I was twelve when my heart first skipped a beat for New York City.
It was summer, and as my parents did for two weeks every July, they had shipped me and my sisters to Long Island to visit our cousins. By this particular summer however, these cousins were old enough to be working and were out of the house most days caddying golf clubs at the local country club. So, as we were the only kids around during daylight hours, how to go about keeping entertained was more or less up to us. Days usually consisted of getting waterlogged playing Marco Polo in the pool or hanging out in the basement with board games and a boom box, sometimes a walk to the mini golf course and as often as possible getting an Italian ice. It was our typical, easy pre-teen summer fun, just in a different place. Typical, except for the day that came once during each of these summers when our aunt would surprise us with a trip into the city to see a Broadway show and have lunch at somewhere like HoJo’s in Times’ Square.
I think it might have been the year we went to see A Chorus Line. I’m still singing “One, singular sensation…” So it was that, followed by a grilled cheese and a milkshake all in the middle of the most buzzing metropolis I had ever laid eyes on. What a day! I fell head over heels. It would be another six years before it was time for me go off to college, but already I knew—I would be going to New York. It was the beat, the buzz, the people everywhere. I had to be a part of it.
2010, more than a decade since first arriving and I’m still here.
The only thing is… All of a sudden here isn’t Manhattan. Thirteen years as a New Yorker—save for my brief stint as a Jersey girl following my year abroad—and I’ve never not lived in this borough. My love has always been for this island, despite the continuous cacophony in the streets, the evilly beautiful shop windows tempting me to spend money I wish I had, the two-room studio I called ‘home’ for too long and the partner rent check that on more than one occasion kept me from sleep, tossing and turning with anxiety. To me New York City life has always meant Manhattan. I’ve favored the commute by foot rather than the commute by crowded train. I like the Romana-style pizza place that charges five dollars a slice, the fact that there’s a West Side Market, Gourmet Garage or Citarella on every corner and a Duane Reede or a bodega with cheap, fresh flowers on just about every other corner. I like sitting on the roof for sunset wine and being in the skyline rather than looking at it from afar.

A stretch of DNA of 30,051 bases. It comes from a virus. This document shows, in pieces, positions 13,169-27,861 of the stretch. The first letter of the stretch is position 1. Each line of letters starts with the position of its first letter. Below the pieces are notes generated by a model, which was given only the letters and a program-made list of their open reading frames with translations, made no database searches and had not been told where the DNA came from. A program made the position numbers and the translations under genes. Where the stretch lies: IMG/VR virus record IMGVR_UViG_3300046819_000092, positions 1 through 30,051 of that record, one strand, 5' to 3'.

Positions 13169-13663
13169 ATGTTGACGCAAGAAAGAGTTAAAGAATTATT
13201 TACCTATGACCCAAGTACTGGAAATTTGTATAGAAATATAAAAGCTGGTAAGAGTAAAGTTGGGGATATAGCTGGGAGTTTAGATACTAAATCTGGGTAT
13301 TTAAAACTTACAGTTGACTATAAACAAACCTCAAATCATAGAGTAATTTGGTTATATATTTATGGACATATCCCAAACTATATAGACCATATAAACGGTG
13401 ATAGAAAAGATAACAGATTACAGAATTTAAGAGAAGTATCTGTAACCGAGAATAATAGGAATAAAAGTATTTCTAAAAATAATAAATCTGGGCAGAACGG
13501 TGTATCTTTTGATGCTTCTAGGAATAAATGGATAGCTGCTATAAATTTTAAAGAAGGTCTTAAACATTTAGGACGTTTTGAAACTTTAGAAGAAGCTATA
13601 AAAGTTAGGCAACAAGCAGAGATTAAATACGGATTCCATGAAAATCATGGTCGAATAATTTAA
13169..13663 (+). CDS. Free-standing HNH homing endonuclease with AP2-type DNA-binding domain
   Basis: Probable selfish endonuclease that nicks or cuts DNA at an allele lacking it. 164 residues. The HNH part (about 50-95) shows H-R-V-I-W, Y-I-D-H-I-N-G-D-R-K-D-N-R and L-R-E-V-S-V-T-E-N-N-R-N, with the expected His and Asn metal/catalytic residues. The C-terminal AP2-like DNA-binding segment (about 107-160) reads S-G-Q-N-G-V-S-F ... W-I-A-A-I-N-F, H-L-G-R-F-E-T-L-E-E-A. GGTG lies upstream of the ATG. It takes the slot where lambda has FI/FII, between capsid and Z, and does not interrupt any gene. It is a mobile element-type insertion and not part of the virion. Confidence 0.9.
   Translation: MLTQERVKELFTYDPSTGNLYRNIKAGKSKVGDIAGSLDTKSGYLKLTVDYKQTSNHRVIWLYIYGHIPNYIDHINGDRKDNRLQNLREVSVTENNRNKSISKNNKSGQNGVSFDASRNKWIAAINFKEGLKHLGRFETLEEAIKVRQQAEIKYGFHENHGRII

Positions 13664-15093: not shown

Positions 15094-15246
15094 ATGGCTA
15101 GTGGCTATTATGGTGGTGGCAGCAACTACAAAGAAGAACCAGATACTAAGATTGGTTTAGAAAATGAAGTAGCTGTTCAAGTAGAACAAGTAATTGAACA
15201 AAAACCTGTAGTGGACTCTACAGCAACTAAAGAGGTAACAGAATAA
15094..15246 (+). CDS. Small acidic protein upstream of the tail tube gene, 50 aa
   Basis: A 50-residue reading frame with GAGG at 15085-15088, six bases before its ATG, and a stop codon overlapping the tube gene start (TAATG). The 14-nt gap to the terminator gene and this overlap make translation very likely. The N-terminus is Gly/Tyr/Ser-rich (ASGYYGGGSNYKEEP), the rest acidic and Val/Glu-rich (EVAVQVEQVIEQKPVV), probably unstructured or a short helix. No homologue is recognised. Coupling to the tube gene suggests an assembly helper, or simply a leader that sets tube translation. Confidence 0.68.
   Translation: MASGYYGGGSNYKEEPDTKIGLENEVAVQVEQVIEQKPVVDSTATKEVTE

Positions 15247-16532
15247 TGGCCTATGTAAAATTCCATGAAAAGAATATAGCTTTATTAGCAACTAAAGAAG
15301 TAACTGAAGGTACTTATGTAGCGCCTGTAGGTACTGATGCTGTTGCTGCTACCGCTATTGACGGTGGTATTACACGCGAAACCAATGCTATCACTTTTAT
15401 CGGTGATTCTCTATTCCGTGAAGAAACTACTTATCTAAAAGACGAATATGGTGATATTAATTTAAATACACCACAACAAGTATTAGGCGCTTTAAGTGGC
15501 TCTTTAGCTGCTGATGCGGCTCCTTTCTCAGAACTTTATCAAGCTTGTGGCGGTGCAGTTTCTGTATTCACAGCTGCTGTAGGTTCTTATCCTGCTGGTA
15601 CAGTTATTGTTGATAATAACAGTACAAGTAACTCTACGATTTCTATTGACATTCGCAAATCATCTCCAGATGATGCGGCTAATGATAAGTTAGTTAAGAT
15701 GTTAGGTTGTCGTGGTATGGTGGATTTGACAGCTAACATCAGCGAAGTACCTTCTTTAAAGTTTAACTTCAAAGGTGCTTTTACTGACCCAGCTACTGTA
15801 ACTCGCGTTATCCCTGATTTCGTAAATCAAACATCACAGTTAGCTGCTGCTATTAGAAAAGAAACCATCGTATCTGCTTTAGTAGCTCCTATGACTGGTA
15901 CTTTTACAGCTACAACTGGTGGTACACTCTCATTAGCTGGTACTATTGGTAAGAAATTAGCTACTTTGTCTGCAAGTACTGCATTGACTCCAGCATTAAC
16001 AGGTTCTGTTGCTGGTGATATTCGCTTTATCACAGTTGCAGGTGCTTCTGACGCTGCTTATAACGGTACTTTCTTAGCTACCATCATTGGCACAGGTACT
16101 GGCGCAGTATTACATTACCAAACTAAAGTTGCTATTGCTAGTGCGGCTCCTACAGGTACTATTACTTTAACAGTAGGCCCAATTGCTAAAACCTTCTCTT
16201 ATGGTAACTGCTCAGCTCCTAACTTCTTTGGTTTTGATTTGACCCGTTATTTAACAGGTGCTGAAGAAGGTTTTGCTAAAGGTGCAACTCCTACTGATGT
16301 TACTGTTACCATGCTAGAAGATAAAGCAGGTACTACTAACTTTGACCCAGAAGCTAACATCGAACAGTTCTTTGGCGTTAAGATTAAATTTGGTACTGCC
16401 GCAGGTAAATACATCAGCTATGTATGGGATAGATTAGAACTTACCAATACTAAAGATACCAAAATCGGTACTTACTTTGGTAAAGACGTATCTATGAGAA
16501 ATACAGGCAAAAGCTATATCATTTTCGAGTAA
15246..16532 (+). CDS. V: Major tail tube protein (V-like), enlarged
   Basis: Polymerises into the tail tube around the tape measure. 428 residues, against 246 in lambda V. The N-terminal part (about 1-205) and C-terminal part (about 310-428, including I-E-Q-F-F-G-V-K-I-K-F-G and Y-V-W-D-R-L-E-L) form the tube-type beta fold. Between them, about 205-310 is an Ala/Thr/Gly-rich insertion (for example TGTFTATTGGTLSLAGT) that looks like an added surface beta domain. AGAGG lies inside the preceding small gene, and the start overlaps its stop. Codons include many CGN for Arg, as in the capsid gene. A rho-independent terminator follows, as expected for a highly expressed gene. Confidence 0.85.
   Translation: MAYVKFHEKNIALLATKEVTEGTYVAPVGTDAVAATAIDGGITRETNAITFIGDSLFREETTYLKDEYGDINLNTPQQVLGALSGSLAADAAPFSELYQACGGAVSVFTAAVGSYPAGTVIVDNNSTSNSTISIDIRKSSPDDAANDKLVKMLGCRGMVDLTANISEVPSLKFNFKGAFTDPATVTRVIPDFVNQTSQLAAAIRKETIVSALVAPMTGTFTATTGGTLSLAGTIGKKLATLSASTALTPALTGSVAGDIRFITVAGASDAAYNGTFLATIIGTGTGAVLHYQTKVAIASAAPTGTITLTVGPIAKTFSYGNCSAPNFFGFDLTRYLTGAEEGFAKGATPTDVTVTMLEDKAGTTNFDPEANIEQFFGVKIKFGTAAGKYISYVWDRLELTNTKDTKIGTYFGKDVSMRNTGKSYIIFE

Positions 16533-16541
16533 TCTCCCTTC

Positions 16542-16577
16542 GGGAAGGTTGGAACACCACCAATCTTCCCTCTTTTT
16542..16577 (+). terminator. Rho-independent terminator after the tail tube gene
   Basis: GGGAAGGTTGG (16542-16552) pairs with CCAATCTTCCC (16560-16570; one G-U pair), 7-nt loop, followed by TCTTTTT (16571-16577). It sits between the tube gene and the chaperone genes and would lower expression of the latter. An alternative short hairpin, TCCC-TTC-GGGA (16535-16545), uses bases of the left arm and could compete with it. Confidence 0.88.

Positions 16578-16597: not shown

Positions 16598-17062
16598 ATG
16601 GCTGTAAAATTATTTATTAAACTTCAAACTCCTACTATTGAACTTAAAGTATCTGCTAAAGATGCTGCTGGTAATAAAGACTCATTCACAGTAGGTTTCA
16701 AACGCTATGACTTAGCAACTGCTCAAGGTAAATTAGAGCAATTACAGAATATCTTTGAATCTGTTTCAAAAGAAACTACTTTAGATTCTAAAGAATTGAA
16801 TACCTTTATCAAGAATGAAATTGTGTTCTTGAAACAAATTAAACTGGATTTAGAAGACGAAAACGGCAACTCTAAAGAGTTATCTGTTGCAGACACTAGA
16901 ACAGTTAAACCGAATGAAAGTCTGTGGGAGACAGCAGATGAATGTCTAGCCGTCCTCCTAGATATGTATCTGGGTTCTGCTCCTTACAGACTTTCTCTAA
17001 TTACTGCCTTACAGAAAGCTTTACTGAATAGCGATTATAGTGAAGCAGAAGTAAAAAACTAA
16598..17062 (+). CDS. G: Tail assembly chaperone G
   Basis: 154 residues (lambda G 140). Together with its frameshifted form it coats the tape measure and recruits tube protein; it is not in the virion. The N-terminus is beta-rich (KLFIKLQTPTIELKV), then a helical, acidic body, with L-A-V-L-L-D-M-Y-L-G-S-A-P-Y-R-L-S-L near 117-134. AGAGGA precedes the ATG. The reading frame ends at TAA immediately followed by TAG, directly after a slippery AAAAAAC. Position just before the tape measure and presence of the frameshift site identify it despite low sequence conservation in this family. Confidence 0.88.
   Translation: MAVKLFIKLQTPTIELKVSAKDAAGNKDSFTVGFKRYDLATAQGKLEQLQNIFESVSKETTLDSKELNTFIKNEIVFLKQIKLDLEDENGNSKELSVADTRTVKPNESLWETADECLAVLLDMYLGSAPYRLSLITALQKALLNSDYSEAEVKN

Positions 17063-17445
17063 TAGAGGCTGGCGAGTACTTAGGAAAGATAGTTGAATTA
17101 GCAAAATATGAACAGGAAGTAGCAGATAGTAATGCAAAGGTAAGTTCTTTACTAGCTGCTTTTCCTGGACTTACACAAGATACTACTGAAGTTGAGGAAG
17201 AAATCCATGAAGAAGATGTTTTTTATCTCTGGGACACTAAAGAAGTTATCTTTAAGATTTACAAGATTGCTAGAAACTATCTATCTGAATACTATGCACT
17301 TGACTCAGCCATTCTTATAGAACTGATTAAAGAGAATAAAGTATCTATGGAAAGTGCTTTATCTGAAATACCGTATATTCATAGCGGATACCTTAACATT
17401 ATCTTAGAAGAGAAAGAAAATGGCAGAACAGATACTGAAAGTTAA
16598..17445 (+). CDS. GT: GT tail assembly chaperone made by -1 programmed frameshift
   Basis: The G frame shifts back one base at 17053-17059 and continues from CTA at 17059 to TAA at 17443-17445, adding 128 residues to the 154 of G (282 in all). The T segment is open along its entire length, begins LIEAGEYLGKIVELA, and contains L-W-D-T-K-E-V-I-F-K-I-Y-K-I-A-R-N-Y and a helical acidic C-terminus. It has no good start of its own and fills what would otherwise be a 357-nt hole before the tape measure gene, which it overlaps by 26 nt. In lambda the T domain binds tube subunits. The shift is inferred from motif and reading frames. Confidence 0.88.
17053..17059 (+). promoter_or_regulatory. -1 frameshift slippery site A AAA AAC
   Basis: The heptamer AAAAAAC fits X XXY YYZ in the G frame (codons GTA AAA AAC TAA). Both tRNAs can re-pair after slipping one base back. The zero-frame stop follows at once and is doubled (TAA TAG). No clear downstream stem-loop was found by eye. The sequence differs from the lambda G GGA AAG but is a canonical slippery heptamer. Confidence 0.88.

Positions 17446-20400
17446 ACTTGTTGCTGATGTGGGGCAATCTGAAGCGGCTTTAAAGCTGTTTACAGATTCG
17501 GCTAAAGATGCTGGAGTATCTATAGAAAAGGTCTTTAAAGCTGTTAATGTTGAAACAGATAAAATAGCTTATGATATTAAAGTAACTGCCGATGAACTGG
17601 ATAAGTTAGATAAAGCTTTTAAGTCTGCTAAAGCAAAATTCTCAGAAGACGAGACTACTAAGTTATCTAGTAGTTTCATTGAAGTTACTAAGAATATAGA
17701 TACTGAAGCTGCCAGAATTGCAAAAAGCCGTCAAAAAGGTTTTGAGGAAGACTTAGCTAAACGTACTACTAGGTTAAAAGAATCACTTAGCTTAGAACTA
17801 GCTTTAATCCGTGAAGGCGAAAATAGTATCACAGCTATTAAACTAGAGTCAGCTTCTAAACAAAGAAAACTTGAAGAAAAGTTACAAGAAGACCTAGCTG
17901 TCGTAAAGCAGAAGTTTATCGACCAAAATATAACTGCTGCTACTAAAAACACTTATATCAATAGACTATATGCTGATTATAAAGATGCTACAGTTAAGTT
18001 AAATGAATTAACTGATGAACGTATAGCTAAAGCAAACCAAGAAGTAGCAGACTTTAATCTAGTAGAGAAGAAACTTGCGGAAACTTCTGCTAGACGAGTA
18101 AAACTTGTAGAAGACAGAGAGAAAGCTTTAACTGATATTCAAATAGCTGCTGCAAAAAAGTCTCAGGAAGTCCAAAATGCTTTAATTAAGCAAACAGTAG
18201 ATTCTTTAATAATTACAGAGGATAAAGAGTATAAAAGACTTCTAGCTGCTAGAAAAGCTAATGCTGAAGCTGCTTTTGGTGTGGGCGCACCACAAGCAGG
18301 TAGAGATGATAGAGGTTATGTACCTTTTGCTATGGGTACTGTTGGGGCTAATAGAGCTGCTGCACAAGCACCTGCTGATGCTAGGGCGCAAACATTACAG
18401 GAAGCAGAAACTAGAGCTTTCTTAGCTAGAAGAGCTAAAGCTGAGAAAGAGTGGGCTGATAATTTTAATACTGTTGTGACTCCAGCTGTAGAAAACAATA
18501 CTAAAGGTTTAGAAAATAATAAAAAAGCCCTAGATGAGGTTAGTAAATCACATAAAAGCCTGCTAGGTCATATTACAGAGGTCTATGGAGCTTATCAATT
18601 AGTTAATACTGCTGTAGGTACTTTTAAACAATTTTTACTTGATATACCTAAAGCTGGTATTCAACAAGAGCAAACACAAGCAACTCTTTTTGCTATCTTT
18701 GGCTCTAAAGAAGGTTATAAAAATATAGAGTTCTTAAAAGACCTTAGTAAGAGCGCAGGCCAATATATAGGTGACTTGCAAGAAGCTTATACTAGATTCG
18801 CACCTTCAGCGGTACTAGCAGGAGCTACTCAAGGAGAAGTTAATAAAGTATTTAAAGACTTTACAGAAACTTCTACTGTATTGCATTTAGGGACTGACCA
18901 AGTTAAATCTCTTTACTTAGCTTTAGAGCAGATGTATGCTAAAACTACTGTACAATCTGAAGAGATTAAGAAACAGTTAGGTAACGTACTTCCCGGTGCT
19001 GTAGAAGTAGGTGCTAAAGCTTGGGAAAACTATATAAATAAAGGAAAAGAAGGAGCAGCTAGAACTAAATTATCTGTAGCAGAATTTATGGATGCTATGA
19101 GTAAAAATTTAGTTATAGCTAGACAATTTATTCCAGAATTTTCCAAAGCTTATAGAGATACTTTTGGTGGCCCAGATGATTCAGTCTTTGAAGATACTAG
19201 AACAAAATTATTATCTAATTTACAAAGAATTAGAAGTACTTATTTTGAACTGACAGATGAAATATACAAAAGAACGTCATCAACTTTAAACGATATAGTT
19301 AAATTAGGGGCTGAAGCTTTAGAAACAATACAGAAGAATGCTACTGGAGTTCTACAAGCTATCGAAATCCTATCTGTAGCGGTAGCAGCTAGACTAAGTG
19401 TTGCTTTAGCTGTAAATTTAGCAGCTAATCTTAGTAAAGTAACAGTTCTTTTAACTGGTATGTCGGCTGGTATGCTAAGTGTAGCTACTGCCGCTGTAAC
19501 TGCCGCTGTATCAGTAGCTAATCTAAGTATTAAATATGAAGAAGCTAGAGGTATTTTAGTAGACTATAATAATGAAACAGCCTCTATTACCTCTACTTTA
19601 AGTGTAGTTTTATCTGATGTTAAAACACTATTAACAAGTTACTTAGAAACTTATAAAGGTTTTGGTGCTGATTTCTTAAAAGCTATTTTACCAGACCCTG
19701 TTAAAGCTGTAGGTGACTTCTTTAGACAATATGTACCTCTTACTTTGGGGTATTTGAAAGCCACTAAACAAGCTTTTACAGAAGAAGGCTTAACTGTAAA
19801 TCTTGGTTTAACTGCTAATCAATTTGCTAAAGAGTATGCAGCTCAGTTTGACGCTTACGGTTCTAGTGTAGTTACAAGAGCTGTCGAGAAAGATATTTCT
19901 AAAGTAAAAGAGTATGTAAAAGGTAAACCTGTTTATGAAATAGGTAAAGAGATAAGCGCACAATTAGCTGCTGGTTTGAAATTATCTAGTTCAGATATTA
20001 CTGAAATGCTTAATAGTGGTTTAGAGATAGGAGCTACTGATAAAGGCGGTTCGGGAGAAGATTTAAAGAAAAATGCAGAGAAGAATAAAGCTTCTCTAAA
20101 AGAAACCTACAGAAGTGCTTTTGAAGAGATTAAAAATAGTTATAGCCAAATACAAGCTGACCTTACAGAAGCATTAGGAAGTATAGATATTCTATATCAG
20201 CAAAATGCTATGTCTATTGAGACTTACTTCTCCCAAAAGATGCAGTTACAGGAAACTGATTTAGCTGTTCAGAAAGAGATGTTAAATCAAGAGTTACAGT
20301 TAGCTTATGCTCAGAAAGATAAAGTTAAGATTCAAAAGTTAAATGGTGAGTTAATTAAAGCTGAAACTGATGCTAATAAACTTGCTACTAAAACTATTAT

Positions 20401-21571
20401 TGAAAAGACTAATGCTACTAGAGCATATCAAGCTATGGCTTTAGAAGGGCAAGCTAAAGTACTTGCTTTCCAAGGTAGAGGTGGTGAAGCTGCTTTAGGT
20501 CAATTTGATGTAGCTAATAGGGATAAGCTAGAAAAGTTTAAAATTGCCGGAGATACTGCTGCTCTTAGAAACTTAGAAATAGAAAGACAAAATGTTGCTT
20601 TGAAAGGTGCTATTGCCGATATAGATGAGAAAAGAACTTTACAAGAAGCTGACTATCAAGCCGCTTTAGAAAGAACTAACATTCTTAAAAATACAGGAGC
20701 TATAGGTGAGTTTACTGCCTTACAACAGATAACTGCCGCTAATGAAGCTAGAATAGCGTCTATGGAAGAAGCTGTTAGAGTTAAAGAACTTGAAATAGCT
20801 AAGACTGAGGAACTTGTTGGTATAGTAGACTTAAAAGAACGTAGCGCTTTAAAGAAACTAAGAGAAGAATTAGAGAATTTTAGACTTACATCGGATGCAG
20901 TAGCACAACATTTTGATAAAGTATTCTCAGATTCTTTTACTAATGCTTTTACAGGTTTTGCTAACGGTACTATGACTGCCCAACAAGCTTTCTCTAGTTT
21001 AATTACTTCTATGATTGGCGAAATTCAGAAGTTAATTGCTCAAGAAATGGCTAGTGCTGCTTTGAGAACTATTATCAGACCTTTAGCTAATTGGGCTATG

But, to everything turn, turn. Change is good, right? The old favorites are only a train ride away, and here, in my neighborhood, I know many wait to be found.
So for now, Brooklyn it is. For now, a Brooklynite I am.